Commentary: CPA shortage could affect taxpayers, businesses
The following commentary is an opinion item submitted to the newspaper. It does not necessarily reflect the views of the Echo Press.
Editor's note: The following is a blog written by Rachel Kats, communications coordinator for the Minnesota Society of CPA's website highlighting concerns CPA sole practitioners have — namely retirement and succession planning.
By Rachel Kats, Bloomington, MN
Tax filing season is days away and, as millions of taxpayers turn to CPA practitioners to prepare their returns, it’s worth noting that the profession is facing a staffing shortage that is likely to worsen in the years to come.
In the recent Minnesota Society of Certified Public Accountants Tax Survey, an annual survey of members in public practice, sole practitioners were asked what their top concerns are for the next two years. The answers offered insight into the unique opportunities and challenges they’re facing and reflected ongoing, larger scale issues that the accounting profession is up against.
Responses to the open-ended question varied but included common themes. Among the top concerns MNCPA sole practitioners shared were related to:
- Succession planning.
- Working with the IRS.
- Continuous tax law changes.
- Workload management, changing client needs.
Touching on several of these issues, one respondent said their biggest concerns are related to the “death of baby boomers,” and “estate issues,” as well as technology and clients.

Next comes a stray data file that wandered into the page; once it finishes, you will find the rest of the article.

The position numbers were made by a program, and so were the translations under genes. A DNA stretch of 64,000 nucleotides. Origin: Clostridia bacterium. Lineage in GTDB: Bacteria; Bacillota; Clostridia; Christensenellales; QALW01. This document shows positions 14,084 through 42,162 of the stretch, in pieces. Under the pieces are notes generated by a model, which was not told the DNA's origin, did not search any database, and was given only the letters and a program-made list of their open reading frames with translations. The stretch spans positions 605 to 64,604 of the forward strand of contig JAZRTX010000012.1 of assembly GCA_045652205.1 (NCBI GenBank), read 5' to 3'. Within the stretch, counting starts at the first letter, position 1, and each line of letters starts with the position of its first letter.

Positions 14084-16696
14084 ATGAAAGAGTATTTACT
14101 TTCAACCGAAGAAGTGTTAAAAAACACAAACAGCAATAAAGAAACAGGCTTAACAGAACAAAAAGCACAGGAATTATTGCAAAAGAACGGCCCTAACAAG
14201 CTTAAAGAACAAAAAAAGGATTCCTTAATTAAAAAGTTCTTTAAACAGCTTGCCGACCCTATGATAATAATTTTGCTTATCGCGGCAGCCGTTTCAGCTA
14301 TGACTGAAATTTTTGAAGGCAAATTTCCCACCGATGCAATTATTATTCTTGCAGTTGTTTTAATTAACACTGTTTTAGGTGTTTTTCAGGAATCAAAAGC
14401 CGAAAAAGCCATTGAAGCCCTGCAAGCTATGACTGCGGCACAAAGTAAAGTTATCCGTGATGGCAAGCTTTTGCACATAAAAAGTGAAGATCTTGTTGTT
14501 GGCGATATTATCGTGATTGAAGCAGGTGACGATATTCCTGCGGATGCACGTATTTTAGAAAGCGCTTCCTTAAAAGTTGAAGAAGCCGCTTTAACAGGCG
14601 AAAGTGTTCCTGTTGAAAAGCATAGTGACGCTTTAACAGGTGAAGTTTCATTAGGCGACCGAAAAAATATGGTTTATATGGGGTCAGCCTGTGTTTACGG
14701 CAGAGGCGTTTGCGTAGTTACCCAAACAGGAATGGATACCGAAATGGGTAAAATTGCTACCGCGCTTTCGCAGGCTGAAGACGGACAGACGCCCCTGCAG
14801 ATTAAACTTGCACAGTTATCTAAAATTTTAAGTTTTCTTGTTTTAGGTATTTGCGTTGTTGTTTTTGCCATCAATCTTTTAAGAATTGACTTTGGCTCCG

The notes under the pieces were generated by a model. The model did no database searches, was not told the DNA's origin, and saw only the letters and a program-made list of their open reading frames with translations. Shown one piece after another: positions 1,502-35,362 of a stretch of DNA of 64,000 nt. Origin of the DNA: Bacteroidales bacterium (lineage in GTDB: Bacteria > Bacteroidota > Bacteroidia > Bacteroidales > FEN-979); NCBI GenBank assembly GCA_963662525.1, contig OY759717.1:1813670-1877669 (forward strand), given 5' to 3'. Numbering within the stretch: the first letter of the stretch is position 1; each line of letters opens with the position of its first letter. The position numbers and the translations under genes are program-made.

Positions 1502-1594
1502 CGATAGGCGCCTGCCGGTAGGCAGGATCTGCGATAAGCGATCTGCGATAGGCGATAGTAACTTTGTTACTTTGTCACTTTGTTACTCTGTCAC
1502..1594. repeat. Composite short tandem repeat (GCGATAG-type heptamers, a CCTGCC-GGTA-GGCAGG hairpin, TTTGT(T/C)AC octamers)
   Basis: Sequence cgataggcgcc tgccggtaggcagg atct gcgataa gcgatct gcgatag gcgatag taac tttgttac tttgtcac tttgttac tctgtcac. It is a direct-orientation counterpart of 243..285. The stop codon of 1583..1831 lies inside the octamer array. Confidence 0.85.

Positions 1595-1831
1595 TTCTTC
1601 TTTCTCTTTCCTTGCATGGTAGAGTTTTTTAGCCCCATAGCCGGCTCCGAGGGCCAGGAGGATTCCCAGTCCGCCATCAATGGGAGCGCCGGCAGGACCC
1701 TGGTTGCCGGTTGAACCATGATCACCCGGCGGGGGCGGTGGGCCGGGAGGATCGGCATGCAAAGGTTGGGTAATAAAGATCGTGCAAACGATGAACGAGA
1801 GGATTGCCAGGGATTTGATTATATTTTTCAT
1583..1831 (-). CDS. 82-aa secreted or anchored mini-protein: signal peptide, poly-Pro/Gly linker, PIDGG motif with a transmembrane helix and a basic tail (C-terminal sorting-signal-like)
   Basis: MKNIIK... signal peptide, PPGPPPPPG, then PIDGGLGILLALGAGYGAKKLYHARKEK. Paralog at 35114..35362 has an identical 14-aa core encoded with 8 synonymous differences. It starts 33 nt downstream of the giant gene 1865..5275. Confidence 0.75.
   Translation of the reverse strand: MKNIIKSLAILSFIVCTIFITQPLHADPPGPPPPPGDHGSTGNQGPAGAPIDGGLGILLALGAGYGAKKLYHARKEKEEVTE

Another respondent also mentioned client-related challenges, saying they struggle with “juggling the increasing demand from clients and new clients while not having the staff for it.” And another member said, “I am aging and keeping up with the complexity is an increasing challenge.”
Comparing the results
The MNCPA survey results showed alignment with the results of the Association of International Certified Professional Accountant’s 2022 PCPS CPA Firm Top Issues Survey . That survey segmented the results based on firm size into top-five lists for sole practitioners and for firms with two to five, six to 10, 11 to 20, and 21 or more professionals. Key concerns were staffing and working with the IRS. However, unlike the MNCPA survey, the AICPA survey results showed that succession planning didn’t make the top five concerns for any group, but it ranked in the top 10 for all but one group.
“And yet I receive a large volume of calls and emails from practitioners in both solo and multi-partner firms wanting to talk about strategies, market conditions and how to prepare for retirement,” said Carl Peterson, CPA, an MNCPA member and the AICPA vice president of small firm interests.
A closer look at succession planning
Highlighting results from the 19th annual Rosenberg Practice Management Survey, the CPA Practice Advisor reported that among sole practitioners and smaller firms, 71.1% are older than 50. The AICPA estimated that almost 75% of the CPA workforce met the retirement age in 2020.
Given these statistics regarding CPA firm ownership and the impending “ silver tsunami ,” it makes sense that a reoccurring theme from the MNCPA survey is related to the issue of succession planning. With respondents sharing that they are concerned with, “Finding a suitable person to transition my firm to,” and similarly, “Slowing down my practice over the next few years in anticipation of retirement.”
Taxpayers and businesses should take note of the impending CPA retirements and potential talent shortages, and consider how it may affect how they handle their tax returns, estate planning, bookkeeping or other accounting services.